Beekeepers Mustafa Alti and his son Fehmi were kept busy tending to their hives before wildfires tore through a bucolic region of Turkey that makes most of the world’s prized pine honey.
Now the Altis and generations of other honey farmers in Turkey’s Aegean province of Mugla are scrambling to find additional work and wondering how many decades it might take to get their old lives back on track.
“Our means of existence is from beekeeping, but when the forests burned, our source of income fell,” said Fehmi, 47, next to his mountainside beehives in the fire-ravaged village of Cokek. “I do side jobs, I do some tree felling, that way we manage to make do.”
Nearly 200,000 hectares of forests — more than five times the annual average — were scorched by fires across Turkey this year, turning luscious green coasts popular with tourists into ash.
The summer disaster and an accompanying series of deadly floods made the climate — already weighing heavily on the minds of younger voters — a major issue two years before the next scheduled election.
Signaling a political shift, Turkey’s parliament this week ended a five-year wait and ratified the Paris Agreement on cutting the greenhouse emissions that are blamed for global warming and abnormal weather events.
But the damage has already been done in Mugla, where 80 percent of Turkey’s pine honey is produced.
Turkey as a whole makes 92 percent of the world’s pine honey, meaning supplies of the thick, dark amber may be running low worldwide very soon.
Turkey’s pine honey harvests were already suffering from drought when the wildfires hit, destroying the delicate balance among bees, trees, and the little insects at the heart of the production process.
The honey is made by bees after they collect the sugary secretions of the tiny Basra beetle (Marchalina hellenica), which lives on the sap of pine trees.
Fehmi hopes the beetles will adapt to younger trees after the fires. But he also accepts that “it will take at least five or 10 years to get our previous income back.”
His father Mustafa agrees, urging President Recep Tayyip Erdogan’s government to expand forested areas and plant young trees.
“There’s no fixing a burned house. Can you fix the dead? No. But new trees might come, a new generation,” Mustafa said.
For now, though, the beekeepers are counting their losses and figuring out what comes next.
The president of the Mugla Beekeepers’ Association, Veli Turk, expects his region’s honey production to plunge by up to 95 percent this year.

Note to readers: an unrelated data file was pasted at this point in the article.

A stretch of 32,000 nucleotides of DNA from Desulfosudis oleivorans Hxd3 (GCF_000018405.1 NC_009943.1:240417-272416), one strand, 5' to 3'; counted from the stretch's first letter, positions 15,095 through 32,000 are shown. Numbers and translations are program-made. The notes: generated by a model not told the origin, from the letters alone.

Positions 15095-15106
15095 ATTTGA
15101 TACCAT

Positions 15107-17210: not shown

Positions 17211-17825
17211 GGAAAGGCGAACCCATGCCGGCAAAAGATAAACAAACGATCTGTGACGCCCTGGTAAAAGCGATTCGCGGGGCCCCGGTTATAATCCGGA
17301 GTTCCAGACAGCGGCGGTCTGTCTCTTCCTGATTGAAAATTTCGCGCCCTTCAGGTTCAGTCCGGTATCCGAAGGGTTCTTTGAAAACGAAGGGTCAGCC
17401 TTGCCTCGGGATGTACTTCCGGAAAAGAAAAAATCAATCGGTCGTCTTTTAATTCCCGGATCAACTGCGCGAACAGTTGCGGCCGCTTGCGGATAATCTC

“There is pretty much no Marmaris honey left,” he said.
“This honey won’t come for another 60 years,” he predicted. “It’s not just Turkey. This honey would go everywhere in the world. It was a blessing. This is really a huge loss.”
Beekeeper Yasar Karayigit, 45, is thinking of switching to a different type of honey to keep his passion — and sole source of income — alive.
“I love beekeeping, but to continue, I’ll have to pursue alternatives,” Karayigit said, mentioning royal jelly (or “bee milk”) and sunflower honey, which involves additional costs.
“But if we love the bees, we have to do this,” the father of three said.
Ismail Atici, head of the Milas district Chamber of Agriculture in Mugla, said the price of pine honey has doubled from last year, threatening to make the popular breakfast food unaffordable for many Turks.
He expects price rises to continue and supplies to become ever scarcer.
“We will get to a point where even if you have money, you won’t be able to find those medicinal plants and medicinal honey,” Atici said.
“It’s going to be very hard to find 100 percent pine honey,” beekeeper Karayigit agreed. “We have had so much loss.”
Looking ahead, the president of the Turkey Beekeepers’ Association, Ziya Sahin, suggests selectively introducing the Basra beetle to new areas of Mugla, expanding coverage from the current 7% to 25% of local pine forests.
“If we conduct transplantation of the beetle from one area to another and continue this for two successive years, we can protect the region’s dominance in the sector,” Sahin said.
“There will be a serious drop in honey production if we don’t do this,” he added, calling this year the “worst” of his 50-year career.
Yet despite the pain and the troubled road ahead, the younger Alti has no plans to quit.
“This is my father’s trade. Because this is passed down from the family, we must continue it,” Fehmi said.
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